Artifacts of The Forks National Historic Site

The Forks National Historic Site

Highlights from the collection

The Forks National Historic Site has a collection of over 190,000 recovered artifacts. The recoveries were almost exclusively made from two locations based on evidence that suggested they were likely where Fort Gibraltar I and II had once been situated. Parts of these areas are now occupied by the playground, and the north point interpretive node behind the Oodena Celebration Circle. The bulk of excavations at The Forks National Historic Site occurred in 1984 and 1989 to 1993.

Projectile point
Close up of a projectile point, also known as an arrow head.  

Excavation year: 1984
Material: Ferrous metal
Registration number: 21k27k1-1

Projectile points, or arrowheads, were a necessary tool in the Woodland Period. These points were used for hunting purposes by the First Nations groups living in this area from 200 BCE to 1750 CE. Hunting was an essential part of life on the prairies for the people populating this land. All parts of the animal hunted would be used, from the hides to the bones, to the meat.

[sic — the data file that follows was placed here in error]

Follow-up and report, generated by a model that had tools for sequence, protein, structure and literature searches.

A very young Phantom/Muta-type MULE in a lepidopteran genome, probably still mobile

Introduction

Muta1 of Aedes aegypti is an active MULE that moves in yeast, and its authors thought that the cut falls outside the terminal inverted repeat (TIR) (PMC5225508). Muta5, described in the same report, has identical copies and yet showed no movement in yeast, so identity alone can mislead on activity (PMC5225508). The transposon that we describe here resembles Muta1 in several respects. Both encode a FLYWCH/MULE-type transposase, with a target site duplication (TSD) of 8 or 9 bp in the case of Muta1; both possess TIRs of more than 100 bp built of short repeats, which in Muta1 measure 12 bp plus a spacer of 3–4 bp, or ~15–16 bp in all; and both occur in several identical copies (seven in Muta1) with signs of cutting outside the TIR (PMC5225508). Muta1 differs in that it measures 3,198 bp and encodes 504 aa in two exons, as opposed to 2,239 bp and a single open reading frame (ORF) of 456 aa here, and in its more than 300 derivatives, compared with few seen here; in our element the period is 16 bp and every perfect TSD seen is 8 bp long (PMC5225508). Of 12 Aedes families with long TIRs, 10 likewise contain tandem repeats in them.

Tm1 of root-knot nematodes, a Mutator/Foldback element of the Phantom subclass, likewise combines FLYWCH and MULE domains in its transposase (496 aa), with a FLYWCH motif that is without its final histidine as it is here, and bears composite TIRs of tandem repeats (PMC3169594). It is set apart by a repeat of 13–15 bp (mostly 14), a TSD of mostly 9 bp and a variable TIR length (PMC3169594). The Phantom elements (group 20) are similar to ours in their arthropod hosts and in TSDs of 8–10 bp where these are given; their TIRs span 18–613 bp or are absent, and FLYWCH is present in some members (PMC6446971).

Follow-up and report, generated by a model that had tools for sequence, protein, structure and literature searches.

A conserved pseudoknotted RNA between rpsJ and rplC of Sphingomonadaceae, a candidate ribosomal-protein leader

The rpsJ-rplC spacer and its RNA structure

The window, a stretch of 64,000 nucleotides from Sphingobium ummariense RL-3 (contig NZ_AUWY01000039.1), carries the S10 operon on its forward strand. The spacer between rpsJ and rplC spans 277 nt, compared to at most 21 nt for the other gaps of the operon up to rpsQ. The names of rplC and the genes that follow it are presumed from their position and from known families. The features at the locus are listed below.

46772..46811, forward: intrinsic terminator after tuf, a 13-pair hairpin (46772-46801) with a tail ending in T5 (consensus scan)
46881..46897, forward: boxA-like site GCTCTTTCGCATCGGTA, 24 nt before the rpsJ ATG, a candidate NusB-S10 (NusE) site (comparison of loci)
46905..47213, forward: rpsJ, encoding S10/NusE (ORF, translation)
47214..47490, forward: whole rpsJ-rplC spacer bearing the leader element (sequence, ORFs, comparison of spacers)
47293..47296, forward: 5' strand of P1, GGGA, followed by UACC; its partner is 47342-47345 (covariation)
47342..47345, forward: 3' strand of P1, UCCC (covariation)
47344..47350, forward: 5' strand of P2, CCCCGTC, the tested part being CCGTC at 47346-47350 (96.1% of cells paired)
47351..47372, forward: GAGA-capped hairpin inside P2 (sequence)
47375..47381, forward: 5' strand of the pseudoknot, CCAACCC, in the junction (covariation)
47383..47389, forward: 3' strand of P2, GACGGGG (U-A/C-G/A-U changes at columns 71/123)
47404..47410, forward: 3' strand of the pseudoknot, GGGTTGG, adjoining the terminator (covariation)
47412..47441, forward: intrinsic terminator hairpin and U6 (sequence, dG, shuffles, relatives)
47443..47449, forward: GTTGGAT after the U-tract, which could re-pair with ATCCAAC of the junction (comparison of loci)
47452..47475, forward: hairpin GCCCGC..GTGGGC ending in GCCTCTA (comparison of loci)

Megis (money cowries)
Close up of off-white shells with its sides curled in.

Excavation year: 1990
Material: Shell, fauna
Registration number: 21K54D6-2

These megis or cowries shells (Monetaria moneta), originating in the Indonesia-Pacific region, are considered sacred by the Anishinaabe. In the Anishinaabe creation stories, Gitchi Manitou (the Creator) took the four parts of Mother Earth (earth, wind, fire, and water) and blew them in the megis shell to create the Anishinaabe. On the Anishinaabe’s great migration from the east, the megis shell rose up out of the water to show the people where to stop and live. These shells are from the Fur Trade Period (1800 to 1900 CE).

Glass bead
Close up of a small blue and gold oval, glass bead, with holes on each end for thread.

Excavation year: 1990
Material: Glass
Registration number: 21K54R9-3

Glass beads, imported from Europe, were a popular fur trade item for the First Nations and Métis people. Beads were used to decorate items of clothing and accessories and were made into earrings, necklaces and hair adornments. First Nations and Métis people would bring in their furs to trade with the company and in return ask for glass beads.

Close up of a small, grey turtle pendant, made out of metal.  

Excavation year: N/A
Material: Grey metal
Registration number: 21K57Q4-3

Shaped like a turtle, this pewter pendant may have been used as an earring or part of a necklace. In Indigenous creation stories, a flood destroyed the old world. The turtle offered itself (and ultimately its life) to bear the weight of the new world, now known as North America. Indigenous groups worship the turtle for its sacrifice. This pendant is from the Fur Trade Period.

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